The business world is always among the early adopters of latest technologies. This comes as no surprise at all: the competition in each industry and niche forces entrepreneurs and CEOs to think like top chess players and keep their eyes always trained on what the future may bring. Right now, augmented reality and virtual reality are the targets in sight.
The use of virtual or augmented reality apps and glasses has left the environment of gamers’ rooms and movie theaters, and has arrived in factories, warehouses and board rooms. Business owners and managers have understood the huge potential represented by this new technology to bring people together and make distant locations and objects accessible to them.
Busy executives, plant managers and other professionals have found many uses for augmented reality apps and glasses in their work and now these gadgets tend to become a part of the standard business look, together with the suit and the leather briefcase.
Here are the key applications for augmented and virtual reality in business:
Improved Collaboration between Teams in Different Locations Through Virtual Reality
Territory expansion is the key for the growth of any business, but things get complicated when managers are unable to coordinate teams properly due to the distance and the different time zones.
Video conferences partly solved the problem, but they are not very effective when written documents, charts and graphs need to be discussed, and everyone wants to give their input. Right now, thanks to devices such as the Oculus Rift, the Virtual Desktop brings all the meeting participants inside a computer desktop where they can open documents and browsers, make edits, and work as if they were together in the same room.
Augmented Reality Employee Training
Inducting new employees and training them in specific work procedure has never been a simple process for companies. Most of the time one of the existing employees was delegated to accompany the new hire for a tour of the workplace and to show them the step-by-step work procedures.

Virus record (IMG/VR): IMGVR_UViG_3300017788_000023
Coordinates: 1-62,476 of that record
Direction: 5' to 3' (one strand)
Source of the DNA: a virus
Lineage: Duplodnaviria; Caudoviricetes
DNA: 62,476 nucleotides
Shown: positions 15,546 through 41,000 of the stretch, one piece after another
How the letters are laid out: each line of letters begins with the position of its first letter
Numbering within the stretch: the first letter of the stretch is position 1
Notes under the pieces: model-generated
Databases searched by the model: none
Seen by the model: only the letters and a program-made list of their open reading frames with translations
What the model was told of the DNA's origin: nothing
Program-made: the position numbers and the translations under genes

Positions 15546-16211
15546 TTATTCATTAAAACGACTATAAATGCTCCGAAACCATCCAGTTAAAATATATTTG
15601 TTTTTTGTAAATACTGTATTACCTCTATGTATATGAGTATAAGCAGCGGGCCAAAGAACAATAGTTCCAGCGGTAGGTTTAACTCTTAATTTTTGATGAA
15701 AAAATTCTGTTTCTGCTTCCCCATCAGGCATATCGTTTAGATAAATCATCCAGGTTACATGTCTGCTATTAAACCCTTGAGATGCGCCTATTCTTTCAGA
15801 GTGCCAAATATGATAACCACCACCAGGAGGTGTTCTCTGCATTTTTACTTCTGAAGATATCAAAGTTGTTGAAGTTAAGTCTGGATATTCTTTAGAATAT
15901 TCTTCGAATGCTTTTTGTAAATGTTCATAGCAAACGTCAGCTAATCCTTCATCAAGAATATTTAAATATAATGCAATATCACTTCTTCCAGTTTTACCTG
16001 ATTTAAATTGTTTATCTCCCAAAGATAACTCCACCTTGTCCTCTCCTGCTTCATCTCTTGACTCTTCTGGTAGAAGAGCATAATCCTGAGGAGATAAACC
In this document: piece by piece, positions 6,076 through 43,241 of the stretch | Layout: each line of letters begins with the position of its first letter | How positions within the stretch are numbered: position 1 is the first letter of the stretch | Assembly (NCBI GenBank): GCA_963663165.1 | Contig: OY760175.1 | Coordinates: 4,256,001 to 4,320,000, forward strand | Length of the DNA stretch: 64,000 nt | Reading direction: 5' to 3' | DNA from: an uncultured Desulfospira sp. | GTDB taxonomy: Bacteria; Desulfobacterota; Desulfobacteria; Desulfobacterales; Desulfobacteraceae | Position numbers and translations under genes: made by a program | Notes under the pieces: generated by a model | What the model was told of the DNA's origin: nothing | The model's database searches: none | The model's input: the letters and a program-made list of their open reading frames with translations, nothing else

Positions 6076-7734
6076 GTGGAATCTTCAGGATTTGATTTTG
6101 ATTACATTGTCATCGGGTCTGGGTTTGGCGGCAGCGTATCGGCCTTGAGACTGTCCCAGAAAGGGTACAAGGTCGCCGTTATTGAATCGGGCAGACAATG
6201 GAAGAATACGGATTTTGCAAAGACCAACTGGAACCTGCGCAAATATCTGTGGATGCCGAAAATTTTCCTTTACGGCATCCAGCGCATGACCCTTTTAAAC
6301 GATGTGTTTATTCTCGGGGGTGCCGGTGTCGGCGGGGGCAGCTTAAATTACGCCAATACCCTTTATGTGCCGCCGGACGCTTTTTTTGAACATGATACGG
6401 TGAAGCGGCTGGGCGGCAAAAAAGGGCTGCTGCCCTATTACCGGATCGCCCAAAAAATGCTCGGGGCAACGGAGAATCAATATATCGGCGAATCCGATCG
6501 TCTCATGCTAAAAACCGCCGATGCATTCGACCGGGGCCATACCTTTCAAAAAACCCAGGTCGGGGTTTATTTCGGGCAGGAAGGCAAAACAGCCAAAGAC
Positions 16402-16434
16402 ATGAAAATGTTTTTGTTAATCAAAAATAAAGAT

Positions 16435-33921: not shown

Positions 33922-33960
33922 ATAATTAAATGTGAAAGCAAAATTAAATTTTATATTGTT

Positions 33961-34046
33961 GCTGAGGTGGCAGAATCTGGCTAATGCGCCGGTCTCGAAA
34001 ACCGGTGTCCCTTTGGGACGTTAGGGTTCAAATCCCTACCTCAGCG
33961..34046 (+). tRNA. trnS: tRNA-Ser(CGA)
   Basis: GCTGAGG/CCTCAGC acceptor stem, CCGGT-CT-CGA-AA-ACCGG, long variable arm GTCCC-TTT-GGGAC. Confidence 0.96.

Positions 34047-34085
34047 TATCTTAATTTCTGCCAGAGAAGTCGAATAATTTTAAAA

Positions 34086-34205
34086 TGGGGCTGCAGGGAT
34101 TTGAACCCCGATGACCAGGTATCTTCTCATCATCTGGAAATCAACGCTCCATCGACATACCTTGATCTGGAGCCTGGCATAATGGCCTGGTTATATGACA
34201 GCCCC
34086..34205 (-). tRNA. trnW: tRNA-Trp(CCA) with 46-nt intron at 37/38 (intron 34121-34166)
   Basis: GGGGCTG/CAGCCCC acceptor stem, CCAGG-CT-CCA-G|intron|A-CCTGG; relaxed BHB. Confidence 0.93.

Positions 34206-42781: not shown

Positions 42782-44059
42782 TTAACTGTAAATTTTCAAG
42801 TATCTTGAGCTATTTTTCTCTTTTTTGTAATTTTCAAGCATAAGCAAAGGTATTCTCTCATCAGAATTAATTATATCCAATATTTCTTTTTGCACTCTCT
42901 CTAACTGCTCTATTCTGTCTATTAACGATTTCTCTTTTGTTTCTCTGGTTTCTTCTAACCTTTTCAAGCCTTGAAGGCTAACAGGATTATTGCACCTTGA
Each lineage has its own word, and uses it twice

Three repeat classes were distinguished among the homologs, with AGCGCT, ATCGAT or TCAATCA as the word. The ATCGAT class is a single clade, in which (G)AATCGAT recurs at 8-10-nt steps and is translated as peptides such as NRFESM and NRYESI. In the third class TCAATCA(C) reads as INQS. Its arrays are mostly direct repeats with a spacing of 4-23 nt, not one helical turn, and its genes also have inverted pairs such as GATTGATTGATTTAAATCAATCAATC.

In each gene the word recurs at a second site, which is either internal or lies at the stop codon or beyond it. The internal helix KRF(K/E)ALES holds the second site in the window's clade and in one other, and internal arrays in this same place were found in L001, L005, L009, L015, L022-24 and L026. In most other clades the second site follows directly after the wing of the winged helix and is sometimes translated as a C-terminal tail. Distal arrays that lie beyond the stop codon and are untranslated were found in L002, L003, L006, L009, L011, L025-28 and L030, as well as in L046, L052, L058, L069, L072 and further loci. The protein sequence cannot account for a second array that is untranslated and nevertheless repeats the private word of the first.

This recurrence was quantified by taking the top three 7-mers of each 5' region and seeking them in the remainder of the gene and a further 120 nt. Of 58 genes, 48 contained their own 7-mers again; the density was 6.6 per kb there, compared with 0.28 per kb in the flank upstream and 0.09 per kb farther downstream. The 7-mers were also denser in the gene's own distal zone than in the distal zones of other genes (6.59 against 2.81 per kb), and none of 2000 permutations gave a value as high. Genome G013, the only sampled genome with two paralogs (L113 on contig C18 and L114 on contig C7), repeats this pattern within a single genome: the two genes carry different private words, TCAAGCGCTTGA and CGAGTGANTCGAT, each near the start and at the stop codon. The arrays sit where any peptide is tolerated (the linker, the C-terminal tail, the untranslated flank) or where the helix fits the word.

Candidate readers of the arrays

This is a costly process – according to the Association for Talent Development, the cost of employee training is more expensive year after year, from $1,040 per employee in 2003 to $1,209 in 2013.
Augmented reality apps promise to bring down this cost since new hires can be trained from a remote location, such as the HR office or their own work desk, and without the need to take another employee away from their regular tasks.
Augmented Reality Apps in Product Information and Troubleshooting
In 2015, Hyundai became the first car manufacturer which offered customers the user’s manual as an augmented reality app for mobile and tablet. Hyundai Virtual Guide allows car owner to learn all the ins and outs of their automobile and take advantage of all its features.
The app includes how-to troubleshooting tutorials and videos, as well as augmented reality overlays which allow owners to take an in-depth look at their car, identify various engine parts and figure out why the car does not work properly.
Customers’ Buying Experience Enhanced with Virtual Reality
The automotive industry is once again an enthusiastic adopter of augmented reality for designing new vehicles. Ford Motor Company started the trend and it is closely followed by Audi – their ZeroLight Experience allows customers to explore a car before buying it, using virtual reality glasses. This is possibly the future of test drives, as much as the future of car design.
With the ability to interact with an object as if it were in front of them, engineers will be able to create better cars, while customers will be able to make the right choice and get the real feel of driving without leaving their living room.
Data Visualization Aided by Virtual Reality
Big data is the current buzzword in all industries, but few people can really get the grasp of it. Numbers floating around, charts, graphs and lists are abstract and, on a large scale, very difficult to make sense of.
But when big data sets become 3D models which can be explored with the help of virtual reality, things start becoming clearer. At least this is the assumption of an academic project led by Oliver Kreylos, a researcher with UC Davis. The project aims to create a framework which allows the creation and exploration of large data sets in 3D models.